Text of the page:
KAVANAGH: Although it’s great when people don’t guess the end or know what is happening next, the film is also about the dread and the terror of watching the inevitable unfold and being unable to do anything about it, and of watching the main character catch up with the audience in that realization. My tastes in cinema are very wide-ranging, and I think that will be clear to anyone who watches any of my films, but the strongest memories I have are of movies that disturbed and frightened me as a child, which were, more often than not, horror films. I hoped with THE CANAL to recapture that feeling those films had on me. In the late 1980s and early 1990s, when I was growing up, the filmmaker Alex Cox presented a TV show on the BBC where he would introduce a double bill of cult movies, and there were a lot of very disturbing and memorable films in his selection that had a profound influence on me and my filmmaking life.
Looking back on them now, I realize that these movies deal with that feeling of dread and the terror of the inevitable. They all have an overwhelming sense of atmosphere and mood, something I worked very hard to achieve in THE CANAL. I wanted to make a film that was dripping with atmosphere, just like all those that had such a profound impact on me.
FANG: What was your collaboration like with editor Robin Hill (of Ben Wheatley’s KILL LIST and SIGHTSEERS)?
KAVANAGH: I had cut all of my previous films, so I was a little bit nervous about working with another editor. I decided I would only bring on someone whose work I admired, and in whose work I saw similarities to my own style. When I saw Robin Hill’s incredible work on other films and TV, I knew it had to be him. I have to say it was one of the most pleasant, easiest and most creative collaborations I’ve ever had. What was so great about Robin was that he wanted to experiment with the editing as much as I did. Some of it is really very experimental. There are a lot of single-frame cuts in there, rapidly cut sequences followed by single-shot takes, and we even have single-frame split-screen edits in there too, which I don’t think I’ve seen anywhere else.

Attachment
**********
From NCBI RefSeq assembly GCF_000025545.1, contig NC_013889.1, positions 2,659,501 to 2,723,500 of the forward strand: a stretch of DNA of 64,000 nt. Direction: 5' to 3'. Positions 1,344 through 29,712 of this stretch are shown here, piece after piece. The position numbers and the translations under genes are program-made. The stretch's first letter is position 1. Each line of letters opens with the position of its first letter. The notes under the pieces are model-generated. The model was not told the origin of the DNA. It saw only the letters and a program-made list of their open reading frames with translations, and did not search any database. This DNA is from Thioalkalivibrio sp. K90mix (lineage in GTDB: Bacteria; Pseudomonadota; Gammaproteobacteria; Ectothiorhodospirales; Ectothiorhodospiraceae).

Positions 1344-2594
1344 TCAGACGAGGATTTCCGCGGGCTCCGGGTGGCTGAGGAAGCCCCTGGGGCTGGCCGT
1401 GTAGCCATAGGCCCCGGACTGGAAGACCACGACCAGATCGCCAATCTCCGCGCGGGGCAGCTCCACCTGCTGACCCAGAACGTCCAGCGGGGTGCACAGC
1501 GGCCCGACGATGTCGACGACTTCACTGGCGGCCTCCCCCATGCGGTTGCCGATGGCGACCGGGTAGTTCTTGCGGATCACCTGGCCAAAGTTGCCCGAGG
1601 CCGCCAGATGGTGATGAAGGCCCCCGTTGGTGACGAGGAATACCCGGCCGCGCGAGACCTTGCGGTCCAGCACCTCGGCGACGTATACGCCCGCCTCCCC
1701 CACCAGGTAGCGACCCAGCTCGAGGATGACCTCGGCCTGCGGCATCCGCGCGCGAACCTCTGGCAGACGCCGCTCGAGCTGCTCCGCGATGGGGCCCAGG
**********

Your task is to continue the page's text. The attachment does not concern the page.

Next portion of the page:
My references for Robin were the films of Nicolas Roeg, which we both love, and also early-cinema-style cutting, which usually took place in camera and so had a very rough, loose and fractured style, which is harder than you’d think to recreate. Robin is an extremely creative editor, and I hope to work with him again on my future projects too.
FANG: The man who haunts David is brutish, feels representative of an old-world masculinity and preys on David’s fear of inadequacy. Do you think modern men are grappling with changing ideas of masculinity/fatherhood?
KAVANAGH: I tried to explore a very disturbing aspect of the male psyche, that of our propensity for violence—usually perpetrated on those closest to us. I was also very interested in those men, usually husbands or boyfriends, who often appear on TV appealing for information on the disappearance or murder of their wives or girlfriends, and then it always turns out that they were the culprits. And afterward, when it all comes out, everyone always says, “And he seemed such a nice guy,” as if we all really project our true personalities to the outside world, or that looks and charm are somehow an indicator of an innate goodness.
I believe many people expect evil to come in the form of a monster—just like the ghost of the brutish killer in the film—and that we will be able to recognize an evil person straightaway. Yet we know from experience that evil is often banal and ordinary. It is sometimes charming and even outwardly sympathetic and handsome, which is truly terrifying. Also, one of the most terrifying aspects of being in relationships is that no matter how long we live with someone or are married to them, we will never truly know them. We will never, ever know what’s going on in their minds. This I find fascinating.
As for whether modern men are grappling with changing ideas of masculinity, I don’t know. I think maybe some men are. What’s relevant to this film is that all people are capable of both great good and great evil, and it is always worth bearing that in mind, and it is very dangerous to think any of us are above that. I read a great quote just today, by Carl Jung, that I thought was very relevant to THE CANAL: “Everyone carries a shadow, and the less it is embodied in the individual’s conscious life, the blacker and denser it is.”